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While America Aged: How Pension Debts Ruined General Motors, Stopped the NYC Subways, Bankrupted San Diego, and Loom as the Next Financial Crisis Audio CD – Unabridged, May 1, 2008
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From Publishers Weekly
Reports on pension insecurity, union battles and financial instability are unsettling stuff. Which makes it all the more worthwhile that Michael McConnohie reads Lowenstein's front-line report on pension squabbles in American urban outposts. McConnohie, who sounds like NBC anchor Brian Williams with a bit more gravel in his throat, renders the story of aging workers and how to support them with stern authority. If at times McConnohie is so stentorian as to sound like he has been carved out of granite, he does a solid job of underscoring the seriousness of the problems that Lowenstein investigates. Listening to him is like taking in a particularly in-depth audio version of the nightly news. A Penguin hardcover (Reviews, Mar. 17).
Copyright © Reed Business Information, a division of Reed Elsevier Inc. All rights reserved.
Lowenstein has previously written best-sellers on Warren Buffet, the 2000 stock market crash, and the demise of bond-trading firm Long-Term Capital Management. Here he tackles what could be the next looming crisis: the severe underfunding of pensions in both the private and public sectors. Although the implications are far-reaching for cities, states, and corporations across America, Lowenstein narrowed his focus on three massive pension failures: General Motors, the New York transit system, and the city of San Diego. In each case, underfunding, underestimation of promises made to retired workers, borrowing from the pension, and reliance on all-too-rosy predictions of stock-market gains were the causes of massive failure of the system. Lowenstein goes into great detail establishing the history and politics that went into the creation of these pension systems and further expounds on how their mismanagement brought down the whole system. Many businesses and governments will soon need to face up to the facts of their pension obligations and make some tough choices. --David Siegfried --This text refers to the Hardcover edition.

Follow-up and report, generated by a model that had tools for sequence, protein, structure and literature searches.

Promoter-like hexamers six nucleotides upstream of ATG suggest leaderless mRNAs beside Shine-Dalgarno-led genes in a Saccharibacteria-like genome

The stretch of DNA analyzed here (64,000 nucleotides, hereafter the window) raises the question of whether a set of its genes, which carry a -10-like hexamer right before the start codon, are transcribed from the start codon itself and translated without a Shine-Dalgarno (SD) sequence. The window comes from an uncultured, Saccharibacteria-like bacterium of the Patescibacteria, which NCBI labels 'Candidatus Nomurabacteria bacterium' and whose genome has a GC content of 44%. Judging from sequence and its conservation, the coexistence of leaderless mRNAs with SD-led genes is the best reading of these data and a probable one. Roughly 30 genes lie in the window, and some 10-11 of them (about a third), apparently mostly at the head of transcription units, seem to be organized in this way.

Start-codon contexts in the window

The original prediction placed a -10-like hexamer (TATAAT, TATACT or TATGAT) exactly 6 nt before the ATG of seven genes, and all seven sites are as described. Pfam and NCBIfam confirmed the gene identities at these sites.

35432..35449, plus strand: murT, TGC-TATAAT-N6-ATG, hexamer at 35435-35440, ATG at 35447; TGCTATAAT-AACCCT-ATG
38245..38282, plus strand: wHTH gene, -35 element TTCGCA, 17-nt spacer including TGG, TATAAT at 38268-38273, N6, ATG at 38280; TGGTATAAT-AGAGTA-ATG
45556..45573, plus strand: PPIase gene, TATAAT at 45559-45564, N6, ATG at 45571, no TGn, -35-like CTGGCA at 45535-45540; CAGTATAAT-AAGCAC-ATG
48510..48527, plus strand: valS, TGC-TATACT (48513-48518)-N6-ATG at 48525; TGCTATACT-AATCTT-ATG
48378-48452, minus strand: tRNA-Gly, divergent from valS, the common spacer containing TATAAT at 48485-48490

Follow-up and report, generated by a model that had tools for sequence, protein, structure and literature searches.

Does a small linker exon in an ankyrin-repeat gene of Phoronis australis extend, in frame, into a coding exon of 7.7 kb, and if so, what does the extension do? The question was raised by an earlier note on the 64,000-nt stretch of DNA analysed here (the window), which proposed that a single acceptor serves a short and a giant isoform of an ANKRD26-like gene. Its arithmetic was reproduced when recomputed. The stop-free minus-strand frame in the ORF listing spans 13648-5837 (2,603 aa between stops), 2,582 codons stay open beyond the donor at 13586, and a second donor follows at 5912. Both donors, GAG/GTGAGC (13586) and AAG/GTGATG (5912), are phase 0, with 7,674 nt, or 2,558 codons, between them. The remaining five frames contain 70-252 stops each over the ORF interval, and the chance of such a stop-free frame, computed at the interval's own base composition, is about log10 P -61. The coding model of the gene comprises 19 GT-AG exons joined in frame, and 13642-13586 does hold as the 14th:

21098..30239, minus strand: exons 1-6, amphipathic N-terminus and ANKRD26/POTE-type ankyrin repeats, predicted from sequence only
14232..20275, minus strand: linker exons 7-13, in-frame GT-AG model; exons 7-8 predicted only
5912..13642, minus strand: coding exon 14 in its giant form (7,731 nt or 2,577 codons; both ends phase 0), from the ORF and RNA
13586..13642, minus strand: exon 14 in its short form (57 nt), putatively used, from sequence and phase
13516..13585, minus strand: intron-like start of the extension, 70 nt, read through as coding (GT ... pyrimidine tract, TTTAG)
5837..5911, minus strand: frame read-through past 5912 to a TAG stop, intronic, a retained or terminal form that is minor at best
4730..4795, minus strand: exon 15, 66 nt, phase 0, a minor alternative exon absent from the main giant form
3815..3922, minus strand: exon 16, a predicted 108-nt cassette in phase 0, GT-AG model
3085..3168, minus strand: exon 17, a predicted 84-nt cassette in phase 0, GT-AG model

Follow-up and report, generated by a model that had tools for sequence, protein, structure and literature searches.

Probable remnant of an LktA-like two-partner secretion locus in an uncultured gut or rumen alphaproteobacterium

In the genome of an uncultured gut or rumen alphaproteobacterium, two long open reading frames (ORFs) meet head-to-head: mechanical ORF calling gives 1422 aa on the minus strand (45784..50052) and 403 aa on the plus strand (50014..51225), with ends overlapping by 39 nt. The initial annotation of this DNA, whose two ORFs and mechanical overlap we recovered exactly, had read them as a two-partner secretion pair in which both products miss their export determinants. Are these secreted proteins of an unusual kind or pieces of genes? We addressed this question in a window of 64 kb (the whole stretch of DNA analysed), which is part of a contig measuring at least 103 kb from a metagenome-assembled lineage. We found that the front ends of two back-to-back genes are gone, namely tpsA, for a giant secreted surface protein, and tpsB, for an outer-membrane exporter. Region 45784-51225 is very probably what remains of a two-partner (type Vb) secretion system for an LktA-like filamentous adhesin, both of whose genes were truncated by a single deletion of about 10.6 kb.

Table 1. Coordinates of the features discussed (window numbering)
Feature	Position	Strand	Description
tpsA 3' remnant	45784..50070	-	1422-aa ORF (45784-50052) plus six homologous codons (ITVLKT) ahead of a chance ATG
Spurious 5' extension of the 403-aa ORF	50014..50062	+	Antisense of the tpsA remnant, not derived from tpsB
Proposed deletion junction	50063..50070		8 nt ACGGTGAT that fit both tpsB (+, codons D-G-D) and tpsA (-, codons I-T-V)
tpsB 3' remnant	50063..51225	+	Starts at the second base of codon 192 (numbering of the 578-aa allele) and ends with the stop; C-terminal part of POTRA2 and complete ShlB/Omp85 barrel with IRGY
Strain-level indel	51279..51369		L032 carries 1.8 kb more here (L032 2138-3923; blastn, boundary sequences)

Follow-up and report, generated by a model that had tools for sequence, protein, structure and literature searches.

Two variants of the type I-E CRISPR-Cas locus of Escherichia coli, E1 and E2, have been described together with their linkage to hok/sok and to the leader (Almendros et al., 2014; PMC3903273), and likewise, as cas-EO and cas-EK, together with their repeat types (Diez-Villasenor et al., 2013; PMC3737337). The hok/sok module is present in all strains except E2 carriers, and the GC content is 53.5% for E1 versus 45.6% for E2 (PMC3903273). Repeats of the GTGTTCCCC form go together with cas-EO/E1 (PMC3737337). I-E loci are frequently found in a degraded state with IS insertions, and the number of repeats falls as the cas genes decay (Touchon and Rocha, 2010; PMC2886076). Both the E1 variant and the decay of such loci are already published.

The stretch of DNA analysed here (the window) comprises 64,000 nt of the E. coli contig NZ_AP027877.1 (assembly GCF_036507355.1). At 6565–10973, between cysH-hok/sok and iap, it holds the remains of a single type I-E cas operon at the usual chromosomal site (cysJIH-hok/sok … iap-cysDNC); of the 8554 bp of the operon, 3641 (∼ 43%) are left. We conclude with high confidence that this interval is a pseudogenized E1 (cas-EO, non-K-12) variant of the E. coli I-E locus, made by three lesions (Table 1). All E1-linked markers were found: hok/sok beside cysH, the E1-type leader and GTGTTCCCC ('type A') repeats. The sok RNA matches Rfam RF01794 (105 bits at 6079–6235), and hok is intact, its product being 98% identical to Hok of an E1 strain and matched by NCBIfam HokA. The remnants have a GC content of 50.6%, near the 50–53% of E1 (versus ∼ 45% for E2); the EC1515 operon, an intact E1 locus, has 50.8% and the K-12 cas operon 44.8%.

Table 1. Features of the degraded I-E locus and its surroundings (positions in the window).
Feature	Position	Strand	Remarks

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The root of the problem is that the pension and health bills are paid by future generations but the benefits are enjoyed today by the current workers who receive payment, the current tax payers who temporarily dodge payment, and the current politicians that can take credit. This is a classic example of moral hazard in action.
One of Lowenstein's key themes is that "retirement" is a relatively new concept. It was never considered a guaranteed "right" that all Americans are entitled to until very recently. Is his historical recap, Lowenstein writes,